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Despair Event Horizon / Literature

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  • 1984 is a world that has fallen below the horizon, even if the protagonist doesn't realize it until he is pushed over his own personal rat-related line.
    • Room 101 in general is designed to make someone cross the Despair Event Horizon, by using whatever the person fears most to make them betray whatever is most important to them after first wearing them down with a long period of torture.
  • In All Quiet on the Western Front Paul crosses it near the end, after he lost all of his friends were in the war. He describes his feelings like this: "Let the months and years come, they can take nothing from me, they can take nothing more. I am so alone, and so without hope that I can confront them without fear." When he's killed not much later, his facial expression is described as "calm, as though almost glad the end had come."
  • Animorphs:
    • Early on in the series, Tom gave up any hope of ever being freed from the Yeerks.
    • In the final arc, Jake falls into despair when his parents are infested. And then it gets even worse when Rachel and Tom die.
  • In the second Apprentice Adept trilogy, Fleta reaches this point after being told by everyone she knows that there's no way she'd be allowed to be with her love, Mach.note  Not willing to settle for being Mach's kept woman, she decides suicide is the only answer, going so far as to demand a talisman from Adept Red that would keep her from reflexively changing shape and saving herself. It takes a super-powered Anguished Declaration of Love from Mach to overcome the talisman and save her.
  • Sabrina Bunahr of Birthright (2017) reaches it when she believes she's completely alone. With everyone she knew and loved either ignorant of her thanks to the curse, our to the country, or driven away by the villains manipulations, Sabrina finally stops fighting and turns to the villain out of desperation to have someone who cares about her. Fortunately Ko-Kalah encourages her that she's not completely lost, and she manages to step back before crossing it completely.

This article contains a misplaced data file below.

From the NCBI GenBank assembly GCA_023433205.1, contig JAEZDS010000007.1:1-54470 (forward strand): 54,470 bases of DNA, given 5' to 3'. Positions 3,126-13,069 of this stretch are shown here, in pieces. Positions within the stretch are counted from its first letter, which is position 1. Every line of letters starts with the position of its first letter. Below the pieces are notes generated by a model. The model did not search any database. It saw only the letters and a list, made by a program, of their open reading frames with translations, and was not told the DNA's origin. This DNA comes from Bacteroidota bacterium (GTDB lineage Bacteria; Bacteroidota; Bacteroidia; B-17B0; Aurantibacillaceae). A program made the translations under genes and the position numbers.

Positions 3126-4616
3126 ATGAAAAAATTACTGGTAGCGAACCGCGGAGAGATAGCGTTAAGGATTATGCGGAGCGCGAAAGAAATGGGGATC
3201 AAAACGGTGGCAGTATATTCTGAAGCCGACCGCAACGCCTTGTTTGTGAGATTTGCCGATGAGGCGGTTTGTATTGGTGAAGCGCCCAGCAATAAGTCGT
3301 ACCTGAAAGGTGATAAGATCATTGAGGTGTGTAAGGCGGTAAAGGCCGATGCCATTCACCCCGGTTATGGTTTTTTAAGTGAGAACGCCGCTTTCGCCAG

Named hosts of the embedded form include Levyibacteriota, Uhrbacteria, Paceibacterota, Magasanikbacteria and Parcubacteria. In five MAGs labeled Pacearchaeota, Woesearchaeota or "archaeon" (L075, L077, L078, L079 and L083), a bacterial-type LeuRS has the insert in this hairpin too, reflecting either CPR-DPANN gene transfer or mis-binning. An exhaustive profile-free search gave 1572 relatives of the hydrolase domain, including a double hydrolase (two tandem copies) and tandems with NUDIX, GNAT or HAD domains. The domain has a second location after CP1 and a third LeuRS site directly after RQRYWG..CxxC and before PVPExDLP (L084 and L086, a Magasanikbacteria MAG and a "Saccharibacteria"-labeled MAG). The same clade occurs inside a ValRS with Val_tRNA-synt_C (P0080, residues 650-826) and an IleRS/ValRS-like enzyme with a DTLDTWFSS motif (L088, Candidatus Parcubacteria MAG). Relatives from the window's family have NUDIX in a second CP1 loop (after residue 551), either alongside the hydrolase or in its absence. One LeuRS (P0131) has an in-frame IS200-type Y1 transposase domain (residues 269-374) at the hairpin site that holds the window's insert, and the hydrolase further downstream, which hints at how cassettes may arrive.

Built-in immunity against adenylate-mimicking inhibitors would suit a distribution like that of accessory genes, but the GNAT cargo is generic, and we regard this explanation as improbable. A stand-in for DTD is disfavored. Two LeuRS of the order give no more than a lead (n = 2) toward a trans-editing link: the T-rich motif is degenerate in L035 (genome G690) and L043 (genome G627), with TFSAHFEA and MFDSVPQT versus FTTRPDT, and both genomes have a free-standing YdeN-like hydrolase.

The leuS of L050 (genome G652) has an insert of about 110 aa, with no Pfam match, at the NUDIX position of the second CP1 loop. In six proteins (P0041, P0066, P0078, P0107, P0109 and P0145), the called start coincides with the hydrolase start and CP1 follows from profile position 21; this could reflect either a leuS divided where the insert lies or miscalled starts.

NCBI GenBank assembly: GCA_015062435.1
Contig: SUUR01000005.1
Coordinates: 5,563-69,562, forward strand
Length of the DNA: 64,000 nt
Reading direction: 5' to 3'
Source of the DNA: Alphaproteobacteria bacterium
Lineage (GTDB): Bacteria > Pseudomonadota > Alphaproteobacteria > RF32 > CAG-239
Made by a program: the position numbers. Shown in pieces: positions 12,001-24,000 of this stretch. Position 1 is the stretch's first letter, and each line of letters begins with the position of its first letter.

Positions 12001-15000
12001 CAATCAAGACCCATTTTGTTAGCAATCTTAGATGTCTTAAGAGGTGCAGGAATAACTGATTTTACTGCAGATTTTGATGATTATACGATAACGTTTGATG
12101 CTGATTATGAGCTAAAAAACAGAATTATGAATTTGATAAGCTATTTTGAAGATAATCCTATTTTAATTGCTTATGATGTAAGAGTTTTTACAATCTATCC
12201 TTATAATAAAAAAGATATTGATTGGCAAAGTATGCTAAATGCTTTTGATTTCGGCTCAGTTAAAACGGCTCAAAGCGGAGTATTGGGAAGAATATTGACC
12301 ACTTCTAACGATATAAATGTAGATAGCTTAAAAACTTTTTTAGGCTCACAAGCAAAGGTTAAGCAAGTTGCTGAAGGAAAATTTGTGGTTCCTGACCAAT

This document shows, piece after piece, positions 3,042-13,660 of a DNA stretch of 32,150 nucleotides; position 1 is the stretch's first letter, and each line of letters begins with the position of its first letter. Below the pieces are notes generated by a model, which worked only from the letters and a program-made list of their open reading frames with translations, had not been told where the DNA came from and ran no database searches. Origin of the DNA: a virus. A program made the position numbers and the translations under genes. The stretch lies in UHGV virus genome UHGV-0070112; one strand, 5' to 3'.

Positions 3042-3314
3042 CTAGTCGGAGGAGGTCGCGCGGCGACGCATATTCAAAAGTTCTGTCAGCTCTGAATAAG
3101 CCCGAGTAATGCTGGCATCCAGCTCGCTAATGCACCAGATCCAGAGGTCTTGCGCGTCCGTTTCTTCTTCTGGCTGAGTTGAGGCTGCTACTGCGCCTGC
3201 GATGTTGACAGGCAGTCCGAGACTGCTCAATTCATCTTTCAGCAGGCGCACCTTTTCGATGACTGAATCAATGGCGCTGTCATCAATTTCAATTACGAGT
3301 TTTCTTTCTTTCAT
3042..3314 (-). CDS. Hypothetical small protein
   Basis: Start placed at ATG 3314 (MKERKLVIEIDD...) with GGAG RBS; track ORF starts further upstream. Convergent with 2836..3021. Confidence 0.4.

• High Lord Kevin falls into despair in the Back Story of the Chronicles of Thomas Covenant and renders most of the continent unlivable for centuries with the Ritual of Desecration. Think of it as the fantasy equivalent of a huge nuclear bomb. This solved the problem of the Dark Lord that was winning the war but at the cost of everything Kevin was supposed to preserve. And the Dark Lord turned out to be only temporarily inconvenienced, being immortal and all...
    • Later on the Giants of Seareach meekly let themselves be murdered out of horror over what had happened to some of them.
    • Still later Trell despairs also and commits his own Desecration luckily on a much smaller scale than the original, so the damage is limited. His sanity doesn't survive it.
    • This is a central theme in the Chronicles; it's the chief weapon of the villain, Lord Foul, whose whole objective seems to be pushing every single person in the world over their personal Despair Event Horizon. Indeed, every inhabitant of the Land swears an Oath of Peace which amounts to saying, "No matter what, I will not cross the Despair Event Horizon."
    • Covenant himself comes very close to the Despair Event Horizon at the end of The Illearth War, when High Lord Elena, his daughter, dies in the struggle with High Lord Kevin's specter under Melenkurion Skyweir. Fortunately, Foamfollower is there to pull him back from the edge.
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  • Ciaphas Cain (HERO OF THE IMPERIUM!) ends up fighting a witch who weaponizes this — simply meeting the boy's eyes leaves a priest writhing and screaming. Cain himself ends up fighting to stay sane from an onset of Religious Horror until Jurgen's aura gets in range.